Halfords have announced that they are launching special nationwide free trial days of their e-bikes.
The company has said that customers, starting from Thursday (October 7), can have the bikes for six hours to explore the general surrounding area with a special partnership with navigational app Komoot, who have created routes around all of Halfords shops.
All you have to do is enter your postcode into the Halfords E-Bike Trial Finder, choose your local branch and select what sort of e-bike you would like to ride. This varies from small fold-up e-bikes, e-town bikes and e-mountain bikes.
Select the bike you want and book your slot. Then head to the shop on the day of the booking with two types of ID including a photo ID. You must pay the £101 deposit that will be returned to you at the end of the ride. Also, bring your own helmet.
When returning you must clean the bike of any mud that may be on it, take it back to the shop you got it from where it will be checked and you will be refunded your deposit if all is well.
If the experience makes you want an e-bike for yourself, then the deposit will be taken off the price of a new bike if you buy from Halfords.
Halfords say: "The popularity of e-bikes has continued to boom over the past few years, offering a great alternative to traditional day-to-day transport methods - riders of all ages can tackle more challenging journeys, get to places faster and with less exertion, putting the fun back into regular journeys."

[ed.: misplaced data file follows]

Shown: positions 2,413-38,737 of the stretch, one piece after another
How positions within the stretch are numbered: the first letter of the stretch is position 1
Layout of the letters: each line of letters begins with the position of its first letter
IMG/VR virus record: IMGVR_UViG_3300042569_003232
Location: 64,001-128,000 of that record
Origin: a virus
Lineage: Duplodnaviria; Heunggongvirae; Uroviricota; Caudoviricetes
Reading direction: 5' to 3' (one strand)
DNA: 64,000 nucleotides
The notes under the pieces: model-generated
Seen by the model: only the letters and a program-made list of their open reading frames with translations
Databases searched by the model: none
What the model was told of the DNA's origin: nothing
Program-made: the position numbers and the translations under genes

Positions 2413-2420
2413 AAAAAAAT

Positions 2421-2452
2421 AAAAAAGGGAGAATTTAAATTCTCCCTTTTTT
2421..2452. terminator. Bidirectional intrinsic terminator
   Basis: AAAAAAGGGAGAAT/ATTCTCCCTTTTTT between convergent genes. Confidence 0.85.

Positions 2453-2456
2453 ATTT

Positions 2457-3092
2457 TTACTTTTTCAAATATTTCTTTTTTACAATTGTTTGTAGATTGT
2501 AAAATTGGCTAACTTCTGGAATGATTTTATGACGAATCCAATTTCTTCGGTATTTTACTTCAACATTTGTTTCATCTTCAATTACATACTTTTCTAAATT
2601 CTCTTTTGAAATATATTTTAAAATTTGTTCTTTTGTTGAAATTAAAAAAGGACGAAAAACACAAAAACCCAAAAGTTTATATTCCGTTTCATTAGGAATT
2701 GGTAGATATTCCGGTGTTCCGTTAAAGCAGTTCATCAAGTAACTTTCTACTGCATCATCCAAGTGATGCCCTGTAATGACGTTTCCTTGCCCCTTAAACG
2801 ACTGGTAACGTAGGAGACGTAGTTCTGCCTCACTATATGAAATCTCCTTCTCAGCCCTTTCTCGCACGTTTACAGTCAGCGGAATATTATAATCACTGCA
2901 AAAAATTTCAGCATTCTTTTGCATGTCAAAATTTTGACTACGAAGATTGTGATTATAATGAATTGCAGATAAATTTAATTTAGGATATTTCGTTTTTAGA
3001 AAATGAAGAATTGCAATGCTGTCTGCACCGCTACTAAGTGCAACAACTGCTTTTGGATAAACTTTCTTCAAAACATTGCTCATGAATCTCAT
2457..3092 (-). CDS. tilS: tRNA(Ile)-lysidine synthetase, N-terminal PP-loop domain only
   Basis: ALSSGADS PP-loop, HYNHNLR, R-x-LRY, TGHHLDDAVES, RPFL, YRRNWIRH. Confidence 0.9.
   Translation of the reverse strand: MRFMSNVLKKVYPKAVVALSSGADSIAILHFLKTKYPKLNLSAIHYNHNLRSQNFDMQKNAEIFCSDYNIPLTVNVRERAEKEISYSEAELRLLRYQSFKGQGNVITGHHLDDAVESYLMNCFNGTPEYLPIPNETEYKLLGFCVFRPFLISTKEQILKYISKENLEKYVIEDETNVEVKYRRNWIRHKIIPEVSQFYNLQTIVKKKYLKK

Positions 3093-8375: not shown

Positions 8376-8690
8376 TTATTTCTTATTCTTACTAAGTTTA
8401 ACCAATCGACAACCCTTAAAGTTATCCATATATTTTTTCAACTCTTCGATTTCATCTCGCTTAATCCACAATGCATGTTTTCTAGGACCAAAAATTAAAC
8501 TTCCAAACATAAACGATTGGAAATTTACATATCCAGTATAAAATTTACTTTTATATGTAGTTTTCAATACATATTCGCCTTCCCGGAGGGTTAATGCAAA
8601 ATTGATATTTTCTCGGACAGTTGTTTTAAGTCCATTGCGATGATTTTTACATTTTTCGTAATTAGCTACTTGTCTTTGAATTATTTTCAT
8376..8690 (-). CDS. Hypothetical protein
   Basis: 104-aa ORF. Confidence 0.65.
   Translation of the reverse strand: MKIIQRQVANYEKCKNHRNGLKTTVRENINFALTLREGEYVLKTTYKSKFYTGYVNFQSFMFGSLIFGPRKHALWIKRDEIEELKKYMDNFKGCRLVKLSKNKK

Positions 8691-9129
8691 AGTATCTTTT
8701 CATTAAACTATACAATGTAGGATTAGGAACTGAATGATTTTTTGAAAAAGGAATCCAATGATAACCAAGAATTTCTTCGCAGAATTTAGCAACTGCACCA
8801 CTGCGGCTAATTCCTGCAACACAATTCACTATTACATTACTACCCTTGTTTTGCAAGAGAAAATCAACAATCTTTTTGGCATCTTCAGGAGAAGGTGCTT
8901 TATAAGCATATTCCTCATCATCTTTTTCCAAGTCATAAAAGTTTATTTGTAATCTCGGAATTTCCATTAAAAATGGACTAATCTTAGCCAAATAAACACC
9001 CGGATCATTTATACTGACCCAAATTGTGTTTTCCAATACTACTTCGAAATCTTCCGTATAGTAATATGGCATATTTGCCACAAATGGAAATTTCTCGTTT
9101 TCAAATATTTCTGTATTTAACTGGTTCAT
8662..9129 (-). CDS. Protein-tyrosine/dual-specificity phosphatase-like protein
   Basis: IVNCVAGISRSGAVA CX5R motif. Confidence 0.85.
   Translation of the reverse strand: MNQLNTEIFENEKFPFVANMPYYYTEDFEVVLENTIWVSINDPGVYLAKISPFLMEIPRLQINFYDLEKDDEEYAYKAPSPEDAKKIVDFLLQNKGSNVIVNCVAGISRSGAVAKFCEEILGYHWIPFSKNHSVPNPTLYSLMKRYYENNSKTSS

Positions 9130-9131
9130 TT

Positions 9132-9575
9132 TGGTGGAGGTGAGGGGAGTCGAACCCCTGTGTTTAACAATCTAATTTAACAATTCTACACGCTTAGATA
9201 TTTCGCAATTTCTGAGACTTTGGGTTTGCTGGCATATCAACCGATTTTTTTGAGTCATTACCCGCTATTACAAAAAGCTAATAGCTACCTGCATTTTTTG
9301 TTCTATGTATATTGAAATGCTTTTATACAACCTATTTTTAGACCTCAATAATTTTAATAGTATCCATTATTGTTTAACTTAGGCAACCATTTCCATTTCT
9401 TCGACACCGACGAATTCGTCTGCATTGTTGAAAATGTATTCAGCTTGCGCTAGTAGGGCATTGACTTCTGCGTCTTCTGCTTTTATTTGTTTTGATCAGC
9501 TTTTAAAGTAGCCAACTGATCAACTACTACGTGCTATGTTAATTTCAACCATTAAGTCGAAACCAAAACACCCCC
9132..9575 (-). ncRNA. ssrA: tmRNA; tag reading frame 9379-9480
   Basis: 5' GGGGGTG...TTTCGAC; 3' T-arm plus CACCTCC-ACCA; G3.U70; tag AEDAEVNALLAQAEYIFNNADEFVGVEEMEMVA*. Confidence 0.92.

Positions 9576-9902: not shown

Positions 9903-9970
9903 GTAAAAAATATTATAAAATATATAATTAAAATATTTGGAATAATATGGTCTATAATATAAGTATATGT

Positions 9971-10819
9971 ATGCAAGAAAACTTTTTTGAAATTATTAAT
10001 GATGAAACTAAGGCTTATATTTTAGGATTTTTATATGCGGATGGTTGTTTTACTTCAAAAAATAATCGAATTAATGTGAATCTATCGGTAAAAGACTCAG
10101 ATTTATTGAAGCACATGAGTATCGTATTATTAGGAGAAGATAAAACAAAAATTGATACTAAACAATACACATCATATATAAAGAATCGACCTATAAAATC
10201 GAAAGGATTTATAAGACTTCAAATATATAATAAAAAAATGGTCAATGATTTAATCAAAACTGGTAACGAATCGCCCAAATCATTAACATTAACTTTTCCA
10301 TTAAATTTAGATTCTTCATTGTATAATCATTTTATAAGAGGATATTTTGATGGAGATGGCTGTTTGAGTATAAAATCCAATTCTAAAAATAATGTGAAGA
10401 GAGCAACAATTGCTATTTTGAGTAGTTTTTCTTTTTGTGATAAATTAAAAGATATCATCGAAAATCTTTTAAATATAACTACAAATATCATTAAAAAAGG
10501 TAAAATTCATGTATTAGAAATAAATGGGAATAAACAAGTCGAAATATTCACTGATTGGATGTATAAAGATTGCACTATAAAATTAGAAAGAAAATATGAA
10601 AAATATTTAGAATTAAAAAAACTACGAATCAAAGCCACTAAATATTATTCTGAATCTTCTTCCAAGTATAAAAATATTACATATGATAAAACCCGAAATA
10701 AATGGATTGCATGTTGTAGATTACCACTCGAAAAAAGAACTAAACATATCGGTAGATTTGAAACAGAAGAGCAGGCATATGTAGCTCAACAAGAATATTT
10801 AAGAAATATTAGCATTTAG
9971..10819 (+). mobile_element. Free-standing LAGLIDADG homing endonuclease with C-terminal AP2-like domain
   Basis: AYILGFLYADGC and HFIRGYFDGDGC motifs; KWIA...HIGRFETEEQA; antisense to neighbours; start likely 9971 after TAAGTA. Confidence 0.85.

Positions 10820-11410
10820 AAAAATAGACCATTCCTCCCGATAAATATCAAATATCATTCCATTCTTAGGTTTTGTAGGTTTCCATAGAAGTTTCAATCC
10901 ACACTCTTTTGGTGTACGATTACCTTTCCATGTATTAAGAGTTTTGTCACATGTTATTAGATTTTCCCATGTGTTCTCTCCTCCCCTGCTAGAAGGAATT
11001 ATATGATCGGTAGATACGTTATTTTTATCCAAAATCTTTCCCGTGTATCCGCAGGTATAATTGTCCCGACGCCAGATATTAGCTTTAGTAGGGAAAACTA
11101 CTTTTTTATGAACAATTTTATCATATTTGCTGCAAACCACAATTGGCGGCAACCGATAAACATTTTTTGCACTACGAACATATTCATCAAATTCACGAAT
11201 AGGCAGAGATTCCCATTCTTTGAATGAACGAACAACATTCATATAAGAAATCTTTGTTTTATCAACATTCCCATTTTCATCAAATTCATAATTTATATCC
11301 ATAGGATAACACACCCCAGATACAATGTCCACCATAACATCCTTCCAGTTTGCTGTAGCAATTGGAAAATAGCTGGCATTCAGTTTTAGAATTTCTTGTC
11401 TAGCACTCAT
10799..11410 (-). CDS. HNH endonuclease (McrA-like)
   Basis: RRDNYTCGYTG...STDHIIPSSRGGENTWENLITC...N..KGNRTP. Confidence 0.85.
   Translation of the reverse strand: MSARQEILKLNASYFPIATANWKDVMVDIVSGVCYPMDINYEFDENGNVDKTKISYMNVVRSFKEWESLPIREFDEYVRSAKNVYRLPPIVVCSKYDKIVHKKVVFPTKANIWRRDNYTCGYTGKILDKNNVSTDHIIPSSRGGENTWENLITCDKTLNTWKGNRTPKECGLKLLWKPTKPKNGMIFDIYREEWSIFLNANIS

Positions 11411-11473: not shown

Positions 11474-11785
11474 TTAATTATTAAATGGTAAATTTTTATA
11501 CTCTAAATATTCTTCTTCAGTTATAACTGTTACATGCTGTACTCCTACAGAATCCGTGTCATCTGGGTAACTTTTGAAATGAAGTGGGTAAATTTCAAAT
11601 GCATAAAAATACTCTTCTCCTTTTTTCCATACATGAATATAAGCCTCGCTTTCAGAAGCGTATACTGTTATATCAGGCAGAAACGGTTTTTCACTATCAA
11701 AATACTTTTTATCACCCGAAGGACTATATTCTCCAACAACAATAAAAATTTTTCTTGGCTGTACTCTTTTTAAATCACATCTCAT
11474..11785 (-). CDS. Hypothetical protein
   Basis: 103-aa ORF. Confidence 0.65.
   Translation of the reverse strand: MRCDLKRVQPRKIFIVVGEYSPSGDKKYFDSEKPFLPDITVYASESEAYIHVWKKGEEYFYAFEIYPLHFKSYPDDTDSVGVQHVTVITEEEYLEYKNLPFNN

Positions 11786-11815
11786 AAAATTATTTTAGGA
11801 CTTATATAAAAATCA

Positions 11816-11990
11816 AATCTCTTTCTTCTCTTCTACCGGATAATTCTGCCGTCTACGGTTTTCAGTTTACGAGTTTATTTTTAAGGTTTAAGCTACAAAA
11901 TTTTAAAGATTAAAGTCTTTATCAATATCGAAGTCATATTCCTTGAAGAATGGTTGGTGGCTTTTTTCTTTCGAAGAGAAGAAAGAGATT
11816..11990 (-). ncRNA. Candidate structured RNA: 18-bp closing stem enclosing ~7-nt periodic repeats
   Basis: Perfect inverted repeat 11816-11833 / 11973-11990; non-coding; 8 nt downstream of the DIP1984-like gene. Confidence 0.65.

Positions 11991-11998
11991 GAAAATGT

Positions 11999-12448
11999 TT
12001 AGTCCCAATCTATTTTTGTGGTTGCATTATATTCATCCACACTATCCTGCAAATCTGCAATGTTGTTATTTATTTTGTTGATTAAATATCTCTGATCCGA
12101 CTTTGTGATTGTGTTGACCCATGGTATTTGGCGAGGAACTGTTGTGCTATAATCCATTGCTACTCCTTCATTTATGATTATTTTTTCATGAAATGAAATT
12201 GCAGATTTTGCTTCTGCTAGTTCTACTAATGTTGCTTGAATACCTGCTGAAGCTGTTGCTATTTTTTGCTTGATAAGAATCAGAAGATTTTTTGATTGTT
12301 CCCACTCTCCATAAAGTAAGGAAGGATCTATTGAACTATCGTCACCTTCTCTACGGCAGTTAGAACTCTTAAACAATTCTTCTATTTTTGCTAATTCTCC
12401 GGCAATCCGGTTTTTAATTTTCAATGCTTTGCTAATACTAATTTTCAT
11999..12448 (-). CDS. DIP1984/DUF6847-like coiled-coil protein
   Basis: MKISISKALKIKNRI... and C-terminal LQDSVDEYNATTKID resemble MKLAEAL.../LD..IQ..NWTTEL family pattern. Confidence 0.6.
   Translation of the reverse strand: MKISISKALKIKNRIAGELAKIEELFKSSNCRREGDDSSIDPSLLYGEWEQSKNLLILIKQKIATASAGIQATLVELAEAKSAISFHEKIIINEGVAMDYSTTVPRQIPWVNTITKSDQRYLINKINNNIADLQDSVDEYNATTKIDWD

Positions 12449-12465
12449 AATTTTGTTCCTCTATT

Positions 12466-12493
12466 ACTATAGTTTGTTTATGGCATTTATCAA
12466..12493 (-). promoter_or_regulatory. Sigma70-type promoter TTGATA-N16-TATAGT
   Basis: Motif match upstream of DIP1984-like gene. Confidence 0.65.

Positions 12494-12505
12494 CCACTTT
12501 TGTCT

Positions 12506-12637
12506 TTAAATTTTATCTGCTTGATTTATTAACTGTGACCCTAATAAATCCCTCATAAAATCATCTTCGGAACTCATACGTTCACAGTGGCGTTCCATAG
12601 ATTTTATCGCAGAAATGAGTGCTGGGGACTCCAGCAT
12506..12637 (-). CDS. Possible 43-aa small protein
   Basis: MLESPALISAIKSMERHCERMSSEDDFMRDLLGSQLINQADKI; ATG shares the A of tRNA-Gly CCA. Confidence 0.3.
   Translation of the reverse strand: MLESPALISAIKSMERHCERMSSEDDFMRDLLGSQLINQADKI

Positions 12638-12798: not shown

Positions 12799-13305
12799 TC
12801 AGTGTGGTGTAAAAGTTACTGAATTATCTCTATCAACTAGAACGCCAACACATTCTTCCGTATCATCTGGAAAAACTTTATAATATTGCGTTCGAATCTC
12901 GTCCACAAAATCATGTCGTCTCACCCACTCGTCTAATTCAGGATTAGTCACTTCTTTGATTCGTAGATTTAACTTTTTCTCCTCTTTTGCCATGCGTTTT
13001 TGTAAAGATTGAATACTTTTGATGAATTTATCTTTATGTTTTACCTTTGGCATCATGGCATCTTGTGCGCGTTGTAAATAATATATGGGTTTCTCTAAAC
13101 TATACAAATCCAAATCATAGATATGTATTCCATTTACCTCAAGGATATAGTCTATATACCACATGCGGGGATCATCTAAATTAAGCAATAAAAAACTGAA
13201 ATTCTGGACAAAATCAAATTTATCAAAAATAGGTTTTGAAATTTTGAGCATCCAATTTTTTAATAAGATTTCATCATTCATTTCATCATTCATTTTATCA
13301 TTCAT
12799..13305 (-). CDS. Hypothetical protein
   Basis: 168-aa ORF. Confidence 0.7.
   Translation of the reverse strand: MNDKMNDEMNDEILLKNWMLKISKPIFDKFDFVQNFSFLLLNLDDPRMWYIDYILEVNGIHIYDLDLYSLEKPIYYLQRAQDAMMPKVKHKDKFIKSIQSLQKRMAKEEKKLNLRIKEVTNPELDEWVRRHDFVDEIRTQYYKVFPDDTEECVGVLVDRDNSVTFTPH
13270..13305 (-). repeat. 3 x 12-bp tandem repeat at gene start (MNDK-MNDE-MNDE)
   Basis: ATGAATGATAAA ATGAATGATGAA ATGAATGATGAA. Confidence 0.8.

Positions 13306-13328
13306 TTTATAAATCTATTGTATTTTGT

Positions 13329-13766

This idea came about due to the difficulties some people around the UK have had in getting fuel in recents, according to Halfords. Many cities and towns are still seeing people 'panic buying' petrol and diesel despite assurance from Transport Secretary, Grant Schapps MP, that there is no shortage.
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Hi, I'm one of Cycling Weekly's content writers for the web team responsible for writing stories on racing, tech, updating evergreen pages as well as the weekly email newsletter. Proud Yorkshireman from the UK's answer to Flanders, Calderdale, go check out the cobbled climbs!
I started watching cycling back in 2010, before all the hype around London 2012 and Bradley Wiggins at the Tour de France. In fact, it was Alberto Contador and Andy Schleck's battle in the fog up the Tourmalet on stage 17 of the Tour de France.
It took me a few more years to get into the journalism side of things, but I had a good idea I wanted to get into cycling journalism by the end of year nine at school and started doing voluntary work soon after. This got me a chance to go to the London Six Days, Tour de Yorkshire and the Tour of Britain to name a few before eventually joining Eurosport's online team while I was at uni, where I studied journalism. Eurosport gave me the opportunity to work at the world championships in Harrogate back in the awful weather.
After various bar jobs, I managed to get my way into Cycling Weekly in late February of 2020 where I mostly write about racing and everything around that as it's what I specialise in but don't be surprised to see my name on other news stories.
When not writing stories for the site, I don't really switch off my cycling side as I watch every race that is televised as well as being a rider myself and a regular user of the game Pro Cycling Manager. Maybe too regular.
My bike is a well used Specialized Tarmac SL4 when out on my local roads back in West Yorkshire as well as in northern Hampshire with the hills and mountains being my preferred terrain.
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